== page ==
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Home > Publications > Research Papers > > Chapter 6: Response to Borchelt, Friedmann, and Holland on Managing the Trust Portfolio: Science Public Relations and Social Responsibility
Science and the Media

Chapter 6: Response to Borchelt, Friedmann, and Holland on Managing the Trust Portfolio: Science Public Relations and Social Responsibility

Robert Bazell

Rick Borchelt, Lynne Friedmann, and Earle Holland raise many important and provocative issues about the role public information specialists play in communicating issues concerning science to the public. I agree with many of their conclusions, but I have trouble with some of their initial assumptions.

They posit that science writing and broadcast reporting have changed dramatically. They write, “The reverent praise-singers who dominated science writing fifty years ago have been replaced by two generations of increasingly wary journalists who substitute news judgment and enterprise reporting for . . . adulatory stories.”

If only news judgment and enterprise reporting, two of the sturdiest pillars of good journalism, were more common, science reporting would be far better for it. Instead, even the most cursory look at the coverage today by almost any news organization reveals mostly stories regurgitated from journals or institutional press releases and often hyped as breakthroughs. The biggest chunk of the reporting pie goes to medicine and biomedical stories. But that is hardly surprising. Newspapers, TV news shows, and other outlets want to attract the maximum audience. People care most about what affects them.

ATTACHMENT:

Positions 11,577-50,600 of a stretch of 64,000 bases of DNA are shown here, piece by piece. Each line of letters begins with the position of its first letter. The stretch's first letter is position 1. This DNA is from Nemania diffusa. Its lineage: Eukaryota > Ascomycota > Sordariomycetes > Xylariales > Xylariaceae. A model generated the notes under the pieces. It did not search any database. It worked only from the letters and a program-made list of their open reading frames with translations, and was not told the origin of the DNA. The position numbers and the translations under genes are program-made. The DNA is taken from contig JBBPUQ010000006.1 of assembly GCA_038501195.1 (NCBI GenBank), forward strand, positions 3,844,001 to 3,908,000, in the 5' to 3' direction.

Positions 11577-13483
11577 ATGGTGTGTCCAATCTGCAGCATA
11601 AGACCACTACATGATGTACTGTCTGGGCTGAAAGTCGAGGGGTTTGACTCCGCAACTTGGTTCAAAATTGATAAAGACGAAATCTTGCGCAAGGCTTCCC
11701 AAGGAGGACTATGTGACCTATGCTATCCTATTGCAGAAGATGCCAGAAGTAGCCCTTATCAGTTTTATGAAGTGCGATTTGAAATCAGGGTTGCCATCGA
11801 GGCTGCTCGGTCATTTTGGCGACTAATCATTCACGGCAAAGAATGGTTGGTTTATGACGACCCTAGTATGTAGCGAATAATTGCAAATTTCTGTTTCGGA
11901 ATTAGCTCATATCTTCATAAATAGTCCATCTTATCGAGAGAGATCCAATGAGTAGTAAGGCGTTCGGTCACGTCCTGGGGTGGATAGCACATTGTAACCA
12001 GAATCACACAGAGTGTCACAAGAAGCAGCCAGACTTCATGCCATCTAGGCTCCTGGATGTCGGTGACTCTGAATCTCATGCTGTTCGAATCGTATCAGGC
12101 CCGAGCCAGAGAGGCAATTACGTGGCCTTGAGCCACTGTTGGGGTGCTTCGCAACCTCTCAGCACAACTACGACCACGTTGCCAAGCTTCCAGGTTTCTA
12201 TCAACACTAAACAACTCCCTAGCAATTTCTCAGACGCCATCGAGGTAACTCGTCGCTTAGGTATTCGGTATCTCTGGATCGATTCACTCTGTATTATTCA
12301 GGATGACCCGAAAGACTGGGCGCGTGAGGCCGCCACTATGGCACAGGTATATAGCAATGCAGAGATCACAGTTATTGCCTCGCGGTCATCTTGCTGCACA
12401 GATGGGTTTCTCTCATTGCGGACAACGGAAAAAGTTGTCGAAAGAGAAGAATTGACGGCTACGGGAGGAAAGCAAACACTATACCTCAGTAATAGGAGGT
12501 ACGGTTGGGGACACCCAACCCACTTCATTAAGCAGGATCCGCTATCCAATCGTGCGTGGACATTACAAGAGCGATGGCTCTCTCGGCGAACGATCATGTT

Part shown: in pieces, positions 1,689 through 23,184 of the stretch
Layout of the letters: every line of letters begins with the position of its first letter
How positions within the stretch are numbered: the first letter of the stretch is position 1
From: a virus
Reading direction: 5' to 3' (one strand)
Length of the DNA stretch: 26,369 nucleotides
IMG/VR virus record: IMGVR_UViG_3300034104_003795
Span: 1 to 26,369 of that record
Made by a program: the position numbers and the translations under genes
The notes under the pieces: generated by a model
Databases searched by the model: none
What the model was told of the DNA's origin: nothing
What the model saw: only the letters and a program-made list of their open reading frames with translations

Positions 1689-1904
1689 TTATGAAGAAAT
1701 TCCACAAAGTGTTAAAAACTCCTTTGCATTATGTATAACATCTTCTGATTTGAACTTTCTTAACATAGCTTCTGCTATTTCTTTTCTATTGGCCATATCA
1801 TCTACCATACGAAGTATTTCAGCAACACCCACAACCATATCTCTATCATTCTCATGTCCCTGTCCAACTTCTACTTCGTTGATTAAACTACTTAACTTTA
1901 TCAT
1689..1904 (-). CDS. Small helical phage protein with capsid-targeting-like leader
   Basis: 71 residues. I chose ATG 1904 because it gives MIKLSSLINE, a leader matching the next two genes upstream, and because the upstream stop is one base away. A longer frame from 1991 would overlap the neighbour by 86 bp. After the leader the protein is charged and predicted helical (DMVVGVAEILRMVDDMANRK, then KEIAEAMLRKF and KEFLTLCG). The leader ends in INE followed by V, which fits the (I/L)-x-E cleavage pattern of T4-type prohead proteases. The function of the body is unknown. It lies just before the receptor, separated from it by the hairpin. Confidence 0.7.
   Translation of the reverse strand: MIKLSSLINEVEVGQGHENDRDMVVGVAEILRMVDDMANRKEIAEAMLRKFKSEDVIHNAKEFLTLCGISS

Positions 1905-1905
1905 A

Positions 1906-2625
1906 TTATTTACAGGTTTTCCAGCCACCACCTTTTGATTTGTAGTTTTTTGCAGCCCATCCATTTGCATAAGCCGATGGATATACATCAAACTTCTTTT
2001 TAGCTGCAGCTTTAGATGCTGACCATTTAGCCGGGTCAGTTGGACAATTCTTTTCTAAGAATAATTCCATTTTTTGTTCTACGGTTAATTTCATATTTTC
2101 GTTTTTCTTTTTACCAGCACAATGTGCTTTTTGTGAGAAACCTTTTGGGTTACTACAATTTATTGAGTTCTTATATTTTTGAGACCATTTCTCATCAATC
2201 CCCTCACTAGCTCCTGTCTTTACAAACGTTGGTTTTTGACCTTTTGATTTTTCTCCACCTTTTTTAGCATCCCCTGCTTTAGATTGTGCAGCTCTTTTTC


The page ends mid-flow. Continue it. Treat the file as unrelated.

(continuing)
The “praise-singers” to whom Borchelt, Friedmann, and Holland refer from the previous generation included large numbers of journalists identified as science specialists who covered the manned space program—big news in those days. NASA’s public relations machine stands as the paragon of the “science” public relations industry that is at the heart of Borchelt, Friedmann, and Holland’s paper. For most space reporters, if NASA did not spoon-feed them the story, there was no story.

Borchelt, Friedmann, and Holland decry, as many do, the alleged and growing “mistrust in scientists and/or the scientific enterprise.” In my view, this mistrust does not exist. If Americans do not like science, they certainly support it. Funding, adjusted for inflation, has gone up 1,000 percent since the end of World War II, a time during which the U.S. population doubled. Of course, science faces competing demands on the federal budget—Medicare, Social Security, and the Iraq War are but a few of the current competitors. So we pass through times of relative scarcity of public funding of science research. But the slope of the curve of America’s financial support for science has only increased, and I see no reason to think it will not continue to do so.

Borchelt, Friedmann, and Holland cite concern about the profits from technology transfer arrangements as one reason why the public mistrusts science. Except for the occasional book or magazine article, this is not an issue about which the public hears much. University administrators certainly lust after the money. But few—especially outside the Boston and San Francisco Bay areas—ever make much money from technology transfer. Arguments about commercialization of the academy are heard mostly inside its administration buildings. The effect on public support for science is negligible.